(More on Burt Pruitt in Port St. Lucie magazine from Indian River Magazine Inc., full article from March 2015 issue)
The North Fork of the St. Lucie River so resembled the Amazon that it was used for stunt shots in the James Bond (Roger Moore) film Moonraker, released in 1979. Star Roger Moore watched as a stuntman took his role while boats were blown up along the the river. The scene lasted an estimated 30 seconds in the film. To see shots of the river from the film, visit IMDB for the speedboat in action and the sail plane.
Interviews with Bud and other old-time area ranchers are part of the docu-drama DVD professionally produced for the city's 50th anniversary: City of Dreams).
The family ran cattle on the ranch for many years, selling the last piece of it in 2004. C.T. McCarty was mourned throuhout Florida when he was shot and killed over a real estate misunderstanding in 1907as he left a Fort Pierce barber shop. Click for more.
The family’s influence extended throughout Florida, with C.T.’s grandson Dan becoming the state’s 31st governor in 1953. C.T.’s other grandson John managed the family ranch for many years and was keenly aware of its value to future generations as an environmental resource and potential water supply.
Port St. Lucie inherited an historic treasure when the 3,100 acres of the McCarty Ranch came into its boundaries in late 2012. The city’s McCarty Ranch Preserve was named to recognize and honor the locally and statewide influential McCarty family. Charles Tobin McCarty, known as C.T., began growing pineapples in St. Lucie County during the 1880s, and the McCarty family eventually expanded their St. Lucie County land holdings to accommodate their growing citrus farming and cattle ranching ventures.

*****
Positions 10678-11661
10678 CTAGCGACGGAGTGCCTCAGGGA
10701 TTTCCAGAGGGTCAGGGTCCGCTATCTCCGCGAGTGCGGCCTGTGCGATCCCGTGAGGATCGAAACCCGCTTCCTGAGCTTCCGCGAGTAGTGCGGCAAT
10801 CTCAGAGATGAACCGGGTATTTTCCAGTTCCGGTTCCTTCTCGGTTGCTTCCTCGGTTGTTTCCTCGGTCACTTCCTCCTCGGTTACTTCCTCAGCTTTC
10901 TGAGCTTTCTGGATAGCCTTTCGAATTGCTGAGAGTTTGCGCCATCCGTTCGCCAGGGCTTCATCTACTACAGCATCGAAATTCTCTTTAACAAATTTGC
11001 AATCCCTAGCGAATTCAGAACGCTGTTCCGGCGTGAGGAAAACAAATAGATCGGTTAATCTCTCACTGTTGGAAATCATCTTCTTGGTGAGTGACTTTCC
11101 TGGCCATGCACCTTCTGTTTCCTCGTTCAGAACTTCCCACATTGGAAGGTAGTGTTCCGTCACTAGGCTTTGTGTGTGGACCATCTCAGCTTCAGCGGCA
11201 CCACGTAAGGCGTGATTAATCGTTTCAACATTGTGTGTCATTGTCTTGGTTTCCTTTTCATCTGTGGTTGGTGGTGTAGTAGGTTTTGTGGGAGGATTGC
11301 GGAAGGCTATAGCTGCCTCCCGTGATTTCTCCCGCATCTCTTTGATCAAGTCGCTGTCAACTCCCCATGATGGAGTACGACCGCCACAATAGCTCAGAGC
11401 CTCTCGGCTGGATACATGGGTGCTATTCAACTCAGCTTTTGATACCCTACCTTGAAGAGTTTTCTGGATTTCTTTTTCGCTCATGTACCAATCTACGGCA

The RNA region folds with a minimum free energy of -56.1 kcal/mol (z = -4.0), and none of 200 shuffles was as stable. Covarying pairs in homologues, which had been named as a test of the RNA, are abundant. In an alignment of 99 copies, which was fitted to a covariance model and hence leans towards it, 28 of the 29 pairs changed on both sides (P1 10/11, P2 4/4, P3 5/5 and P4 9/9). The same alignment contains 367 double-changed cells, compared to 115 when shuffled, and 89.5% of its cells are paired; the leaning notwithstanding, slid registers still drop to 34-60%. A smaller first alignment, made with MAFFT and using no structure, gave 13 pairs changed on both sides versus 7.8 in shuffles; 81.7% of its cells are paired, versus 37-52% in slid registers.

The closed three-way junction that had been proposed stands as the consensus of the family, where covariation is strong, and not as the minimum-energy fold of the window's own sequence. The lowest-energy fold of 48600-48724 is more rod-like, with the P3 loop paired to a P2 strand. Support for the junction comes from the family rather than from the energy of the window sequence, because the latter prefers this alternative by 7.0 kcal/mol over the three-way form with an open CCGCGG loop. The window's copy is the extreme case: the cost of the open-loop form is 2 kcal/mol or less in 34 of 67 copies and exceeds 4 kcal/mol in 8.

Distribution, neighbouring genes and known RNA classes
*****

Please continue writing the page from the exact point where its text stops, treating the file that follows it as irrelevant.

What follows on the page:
The area we know as Port St. Lucie was once mostly large ranches, as was much of St. Lucie County outside of Fort Pierce. The best known of the area's early ranchers were the late Alto "Bud" Adams Jr.(left) and his father, Judge Alto Adams. In late 2015, former City Councilwoman Michelle Berger interviewed Bud, as he asks to be called, and his son Robbie about the Adams Ranch and its part in the area's environment.
In the open-range days, Adams cattle were among those grazing on PSL grass. Though none of the land that became the Adams Ranch was purchased to be part of Port St. Lucie, his knowledge and memories give a glimpse into what might have been here before developers. His stewardship is an example of how agricultural and urban interests can work together to enrich each other.
Developers who came in the late 1950s to what is now Port St. Lucie met Burt Pruitt, a colorful and crusty guide who owned a fishing camp on the shores of the North Fork of the St. Lucie River. They probably were unaware of the violence in his, and the location’s, past.
Old newspaper articles about this local pioneer reveal more than tales of his pet alligators, visiting millionaire fishermen and a river alive with rolling tarpon. They tell of three fatal shootings and other troubling family problems.